Into the woods: why urban forests and green spaces matter and what you can do to help
Department of Geography & Programs in Environment
Welcome Message from the Chair
Welcome to the Department of Geography, University of Toronto Mississauga, where we invite students to learn more, first hand, about the most relevant and interesting issues facing the globe today. The discipline of geography bridges the scientific and the cultural study of the earth. Our friendly and vibrant Department offers programs in human and physical geography and the environment, appealing to a wide range of students. This diversity offers students the opportunity to explore the connection between human activity and the environment through various methods and approaches. Our Department prides itself in being at the forefront of student experience at UTM. We offer a vast array of exciting opportunities at all program levels, including practical courses, Research Opportunity Programs, internships and field courses. Our Faculty are very successful and active researchers, maintaining research programs, laboratories and graduate students at UTM. They are also outstanding teachers, with several of our faculty being recognized with teaching awards from both inside and outside the university. The staff in the Department of Geography are an integral part of the student experience at UTM, supporting technical needs and offering helpful and friendly advice on academic matters. We think that the wonderful opportunities and support in our Department will make your degree in Geography or Environment not only a meaningful and valuable learning experience, but also exciting and fun.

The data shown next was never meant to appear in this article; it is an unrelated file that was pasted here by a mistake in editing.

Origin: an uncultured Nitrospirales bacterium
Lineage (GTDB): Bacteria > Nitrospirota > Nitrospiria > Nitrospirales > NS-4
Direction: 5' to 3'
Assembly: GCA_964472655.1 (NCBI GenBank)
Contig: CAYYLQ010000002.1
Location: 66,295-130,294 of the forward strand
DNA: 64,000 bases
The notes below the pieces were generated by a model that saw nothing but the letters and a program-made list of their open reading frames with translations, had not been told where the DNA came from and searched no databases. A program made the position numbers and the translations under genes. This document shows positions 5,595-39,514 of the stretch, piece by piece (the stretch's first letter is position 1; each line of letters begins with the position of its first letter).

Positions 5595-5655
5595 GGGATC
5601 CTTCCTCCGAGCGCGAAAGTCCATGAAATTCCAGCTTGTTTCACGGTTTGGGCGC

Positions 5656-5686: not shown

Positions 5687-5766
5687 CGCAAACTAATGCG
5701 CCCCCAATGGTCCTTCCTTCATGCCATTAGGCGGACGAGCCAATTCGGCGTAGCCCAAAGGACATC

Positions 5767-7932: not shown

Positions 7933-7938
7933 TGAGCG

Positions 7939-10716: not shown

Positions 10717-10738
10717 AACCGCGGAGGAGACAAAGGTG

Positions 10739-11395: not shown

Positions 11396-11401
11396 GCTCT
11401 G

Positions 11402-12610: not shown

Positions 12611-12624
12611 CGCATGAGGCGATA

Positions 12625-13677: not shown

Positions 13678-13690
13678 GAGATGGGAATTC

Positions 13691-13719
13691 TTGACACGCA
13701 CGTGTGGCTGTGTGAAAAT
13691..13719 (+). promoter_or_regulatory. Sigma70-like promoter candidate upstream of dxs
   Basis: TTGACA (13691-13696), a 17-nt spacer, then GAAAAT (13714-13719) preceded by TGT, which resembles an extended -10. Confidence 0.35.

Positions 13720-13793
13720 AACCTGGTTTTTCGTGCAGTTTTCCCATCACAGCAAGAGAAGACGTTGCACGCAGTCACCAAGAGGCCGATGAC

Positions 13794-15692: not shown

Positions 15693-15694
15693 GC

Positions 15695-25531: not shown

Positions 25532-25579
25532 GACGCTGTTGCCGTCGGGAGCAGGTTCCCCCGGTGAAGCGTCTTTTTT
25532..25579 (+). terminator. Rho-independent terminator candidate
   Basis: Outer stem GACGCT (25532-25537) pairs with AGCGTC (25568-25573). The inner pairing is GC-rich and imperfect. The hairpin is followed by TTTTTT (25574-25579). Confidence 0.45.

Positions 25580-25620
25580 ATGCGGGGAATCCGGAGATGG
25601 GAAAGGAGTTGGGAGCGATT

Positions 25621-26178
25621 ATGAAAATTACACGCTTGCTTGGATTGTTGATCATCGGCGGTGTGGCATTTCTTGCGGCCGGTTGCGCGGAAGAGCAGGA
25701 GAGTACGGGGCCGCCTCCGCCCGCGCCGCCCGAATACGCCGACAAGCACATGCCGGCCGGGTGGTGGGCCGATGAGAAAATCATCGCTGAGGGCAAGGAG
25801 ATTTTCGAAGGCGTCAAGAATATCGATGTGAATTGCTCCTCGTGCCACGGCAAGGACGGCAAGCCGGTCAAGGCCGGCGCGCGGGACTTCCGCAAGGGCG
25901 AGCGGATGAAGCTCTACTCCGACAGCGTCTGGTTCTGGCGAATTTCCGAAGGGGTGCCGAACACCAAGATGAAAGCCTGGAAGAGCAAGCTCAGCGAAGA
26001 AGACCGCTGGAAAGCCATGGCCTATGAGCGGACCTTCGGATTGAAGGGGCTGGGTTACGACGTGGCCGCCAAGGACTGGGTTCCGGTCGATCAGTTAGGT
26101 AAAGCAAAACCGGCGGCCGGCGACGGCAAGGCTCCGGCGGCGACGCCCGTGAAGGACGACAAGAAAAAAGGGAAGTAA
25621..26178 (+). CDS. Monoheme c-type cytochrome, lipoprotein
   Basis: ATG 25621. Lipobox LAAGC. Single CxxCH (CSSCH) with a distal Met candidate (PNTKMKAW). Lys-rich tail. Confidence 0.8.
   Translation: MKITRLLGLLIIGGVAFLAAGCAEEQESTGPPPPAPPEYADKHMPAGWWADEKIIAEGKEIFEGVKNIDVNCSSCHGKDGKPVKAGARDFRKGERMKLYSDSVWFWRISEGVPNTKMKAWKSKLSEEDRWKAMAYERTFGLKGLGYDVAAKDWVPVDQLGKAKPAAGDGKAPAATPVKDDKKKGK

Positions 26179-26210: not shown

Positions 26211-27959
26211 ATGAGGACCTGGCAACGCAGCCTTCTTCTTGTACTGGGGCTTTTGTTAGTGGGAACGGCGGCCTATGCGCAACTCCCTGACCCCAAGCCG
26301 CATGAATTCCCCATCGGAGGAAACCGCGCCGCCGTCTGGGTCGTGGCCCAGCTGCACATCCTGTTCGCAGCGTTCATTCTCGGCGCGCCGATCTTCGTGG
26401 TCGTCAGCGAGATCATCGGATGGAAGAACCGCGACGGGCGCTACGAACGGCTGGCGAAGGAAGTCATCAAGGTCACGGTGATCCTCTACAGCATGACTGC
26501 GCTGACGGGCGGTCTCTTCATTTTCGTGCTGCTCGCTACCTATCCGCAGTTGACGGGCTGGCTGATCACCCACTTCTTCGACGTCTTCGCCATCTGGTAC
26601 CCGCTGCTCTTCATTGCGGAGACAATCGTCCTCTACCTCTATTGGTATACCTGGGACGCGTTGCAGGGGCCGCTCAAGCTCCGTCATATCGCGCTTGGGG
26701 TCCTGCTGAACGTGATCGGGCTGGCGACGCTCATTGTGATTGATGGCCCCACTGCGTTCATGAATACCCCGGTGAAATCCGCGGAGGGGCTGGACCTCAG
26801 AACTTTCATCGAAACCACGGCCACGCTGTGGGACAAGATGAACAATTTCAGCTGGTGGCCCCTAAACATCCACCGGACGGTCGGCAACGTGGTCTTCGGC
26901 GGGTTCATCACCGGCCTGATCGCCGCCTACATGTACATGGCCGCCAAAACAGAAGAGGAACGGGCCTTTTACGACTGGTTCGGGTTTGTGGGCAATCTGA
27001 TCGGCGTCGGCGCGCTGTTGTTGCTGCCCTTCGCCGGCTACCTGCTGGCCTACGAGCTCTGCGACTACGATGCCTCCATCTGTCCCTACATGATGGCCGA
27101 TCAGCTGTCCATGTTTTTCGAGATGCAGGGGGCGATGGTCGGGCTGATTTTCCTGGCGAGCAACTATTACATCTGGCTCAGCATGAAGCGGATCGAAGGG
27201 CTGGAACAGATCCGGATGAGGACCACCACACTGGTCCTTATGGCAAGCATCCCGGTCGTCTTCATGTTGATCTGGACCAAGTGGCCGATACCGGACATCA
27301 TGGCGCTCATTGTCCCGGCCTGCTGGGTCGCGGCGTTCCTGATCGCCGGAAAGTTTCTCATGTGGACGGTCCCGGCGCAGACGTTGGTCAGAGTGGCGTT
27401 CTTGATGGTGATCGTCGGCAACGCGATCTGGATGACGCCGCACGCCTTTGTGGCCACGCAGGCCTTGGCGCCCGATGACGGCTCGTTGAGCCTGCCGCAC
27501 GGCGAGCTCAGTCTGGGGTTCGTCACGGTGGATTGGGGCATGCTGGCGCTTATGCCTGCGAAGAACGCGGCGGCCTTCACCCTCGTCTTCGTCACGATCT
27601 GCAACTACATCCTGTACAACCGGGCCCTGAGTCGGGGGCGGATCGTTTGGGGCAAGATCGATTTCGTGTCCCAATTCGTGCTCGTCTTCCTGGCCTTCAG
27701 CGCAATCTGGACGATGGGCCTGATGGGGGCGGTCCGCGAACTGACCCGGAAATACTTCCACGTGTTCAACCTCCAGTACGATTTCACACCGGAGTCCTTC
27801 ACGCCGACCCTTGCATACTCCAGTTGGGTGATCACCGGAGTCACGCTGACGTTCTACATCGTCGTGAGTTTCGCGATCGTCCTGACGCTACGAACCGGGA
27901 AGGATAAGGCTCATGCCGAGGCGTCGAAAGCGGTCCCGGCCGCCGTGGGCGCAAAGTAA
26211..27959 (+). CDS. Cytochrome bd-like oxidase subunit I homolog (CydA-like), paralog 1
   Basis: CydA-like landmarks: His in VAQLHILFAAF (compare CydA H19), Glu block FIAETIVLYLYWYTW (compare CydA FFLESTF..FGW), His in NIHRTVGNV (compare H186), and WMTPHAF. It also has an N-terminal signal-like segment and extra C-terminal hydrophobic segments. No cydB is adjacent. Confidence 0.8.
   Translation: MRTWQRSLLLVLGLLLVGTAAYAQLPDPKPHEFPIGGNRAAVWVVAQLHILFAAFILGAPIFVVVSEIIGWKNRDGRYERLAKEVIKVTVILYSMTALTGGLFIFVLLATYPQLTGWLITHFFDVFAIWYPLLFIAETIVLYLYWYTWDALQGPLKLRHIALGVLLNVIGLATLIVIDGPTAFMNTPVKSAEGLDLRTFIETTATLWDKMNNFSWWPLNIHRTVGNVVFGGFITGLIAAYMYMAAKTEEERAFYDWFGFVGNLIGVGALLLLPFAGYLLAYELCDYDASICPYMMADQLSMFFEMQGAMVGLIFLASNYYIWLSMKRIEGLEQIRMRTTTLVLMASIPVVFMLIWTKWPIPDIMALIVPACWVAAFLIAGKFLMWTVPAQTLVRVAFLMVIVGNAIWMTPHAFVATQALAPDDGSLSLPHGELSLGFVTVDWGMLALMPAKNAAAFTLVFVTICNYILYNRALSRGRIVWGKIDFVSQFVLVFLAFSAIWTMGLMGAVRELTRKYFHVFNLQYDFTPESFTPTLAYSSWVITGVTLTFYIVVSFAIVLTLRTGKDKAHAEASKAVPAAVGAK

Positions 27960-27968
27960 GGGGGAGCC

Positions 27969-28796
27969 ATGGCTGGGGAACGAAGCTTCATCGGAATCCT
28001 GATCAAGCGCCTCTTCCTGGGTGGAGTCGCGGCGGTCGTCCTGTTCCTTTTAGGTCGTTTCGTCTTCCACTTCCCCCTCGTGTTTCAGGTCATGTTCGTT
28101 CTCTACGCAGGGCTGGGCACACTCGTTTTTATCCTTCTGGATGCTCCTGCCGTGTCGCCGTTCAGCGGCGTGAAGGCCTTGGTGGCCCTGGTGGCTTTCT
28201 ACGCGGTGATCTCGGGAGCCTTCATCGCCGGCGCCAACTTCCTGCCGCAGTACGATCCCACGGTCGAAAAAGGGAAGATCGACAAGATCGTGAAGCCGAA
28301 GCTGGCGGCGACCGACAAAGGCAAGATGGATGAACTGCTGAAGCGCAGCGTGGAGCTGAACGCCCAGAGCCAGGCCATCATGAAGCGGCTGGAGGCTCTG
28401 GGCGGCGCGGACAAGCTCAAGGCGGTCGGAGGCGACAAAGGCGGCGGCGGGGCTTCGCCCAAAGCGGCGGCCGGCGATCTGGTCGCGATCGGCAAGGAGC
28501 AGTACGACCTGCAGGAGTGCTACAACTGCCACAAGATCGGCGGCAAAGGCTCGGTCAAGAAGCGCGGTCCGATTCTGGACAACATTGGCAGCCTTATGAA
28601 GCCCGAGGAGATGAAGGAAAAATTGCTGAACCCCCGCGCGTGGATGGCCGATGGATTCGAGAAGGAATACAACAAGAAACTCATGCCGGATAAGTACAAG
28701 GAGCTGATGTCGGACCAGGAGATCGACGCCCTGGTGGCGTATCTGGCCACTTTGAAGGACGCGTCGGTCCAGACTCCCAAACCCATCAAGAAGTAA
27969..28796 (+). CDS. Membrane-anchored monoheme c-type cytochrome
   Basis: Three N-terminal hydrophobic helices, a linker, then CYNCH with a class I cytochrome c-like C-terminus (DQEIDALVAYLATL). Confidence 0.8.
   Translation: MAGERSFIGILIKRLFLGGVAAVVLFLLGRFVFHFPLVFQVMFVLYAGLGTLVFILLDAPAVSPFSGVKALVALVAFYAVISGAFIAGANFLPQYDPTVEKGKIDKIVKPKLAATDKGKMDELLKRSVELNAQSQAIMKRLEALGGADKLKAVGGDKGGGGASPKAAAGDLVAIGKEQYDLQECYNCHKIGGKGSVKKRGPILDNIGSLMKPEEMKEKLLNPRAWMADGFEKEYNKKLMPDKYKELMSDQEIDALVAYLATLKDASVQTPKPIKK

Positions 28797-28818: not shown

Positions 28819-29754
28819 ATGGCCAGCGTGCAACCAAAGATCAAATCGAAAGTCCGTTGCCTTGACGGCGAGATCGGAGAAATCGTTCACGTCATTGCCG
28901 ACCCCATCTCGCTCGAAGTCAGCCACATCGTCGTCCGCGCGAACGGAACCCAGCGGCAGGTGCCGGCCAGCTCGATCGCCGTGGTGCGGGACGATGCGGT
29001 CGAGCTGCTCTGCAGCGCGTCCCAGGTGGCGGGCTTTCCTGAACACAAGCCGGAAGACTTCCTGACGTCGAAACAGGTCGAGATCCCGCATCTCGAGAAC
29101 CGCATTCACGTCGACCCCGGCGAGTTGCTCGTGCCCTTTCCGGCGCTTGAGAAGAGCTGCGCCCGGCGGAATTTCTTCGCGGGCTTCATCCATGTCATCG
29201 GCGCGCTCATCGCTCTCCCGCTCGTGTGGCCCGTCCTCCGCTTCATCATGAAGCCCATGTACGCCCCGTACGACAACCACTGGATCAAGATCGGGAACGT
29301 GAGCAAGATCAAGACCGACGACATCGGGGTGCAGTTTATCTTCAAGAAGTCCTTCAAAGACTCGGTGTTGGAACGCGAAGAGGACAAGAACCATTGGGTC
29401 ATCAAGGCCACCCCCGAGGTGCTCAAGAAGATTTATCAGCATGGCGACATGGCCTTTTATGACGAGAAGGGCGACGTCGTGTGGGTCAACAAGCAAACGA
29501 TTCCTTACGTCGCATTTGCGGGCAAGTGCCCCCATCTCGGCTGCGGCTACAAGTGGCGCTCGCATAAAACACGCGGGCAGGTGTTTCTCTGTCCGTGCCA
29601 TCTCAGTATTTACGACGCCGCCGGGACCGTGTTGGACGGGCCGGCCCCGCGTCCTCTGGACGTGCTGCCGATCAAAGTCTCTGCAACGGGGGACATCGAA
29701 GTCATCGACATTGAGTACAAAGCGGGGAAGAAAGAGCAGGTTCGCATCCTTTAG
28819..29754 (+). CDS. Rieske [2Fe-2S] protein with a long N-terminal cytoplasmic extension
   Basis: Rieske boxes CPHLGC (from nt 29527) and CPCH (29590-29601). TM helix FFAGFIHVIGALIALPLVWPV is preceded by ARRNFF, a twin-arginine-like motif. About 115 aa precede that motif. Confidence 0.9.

I encourage you to drop by or contact the department for more information about our programs and courses.
Chair, Department of Geography
University of Toronto Mississauga
Congratulations to Alexus Maglalang, Vivian Yip and Heather Wilson for presenting the winning poster at Canadian Association of Geographers Ontario conference last week!
Associate Professor Ron Buliung evaluates the urban layout of Toronto, highlighting the many accessibility hurdles embedded in its infrastructure.
Urban geography professor Alan Walks published his book “The Urban Political Economy and Ecology of Automobility: Driving Cities, Driving Inequality, Driving Politics” that connects automobile dependency to rising indebtedness, political ine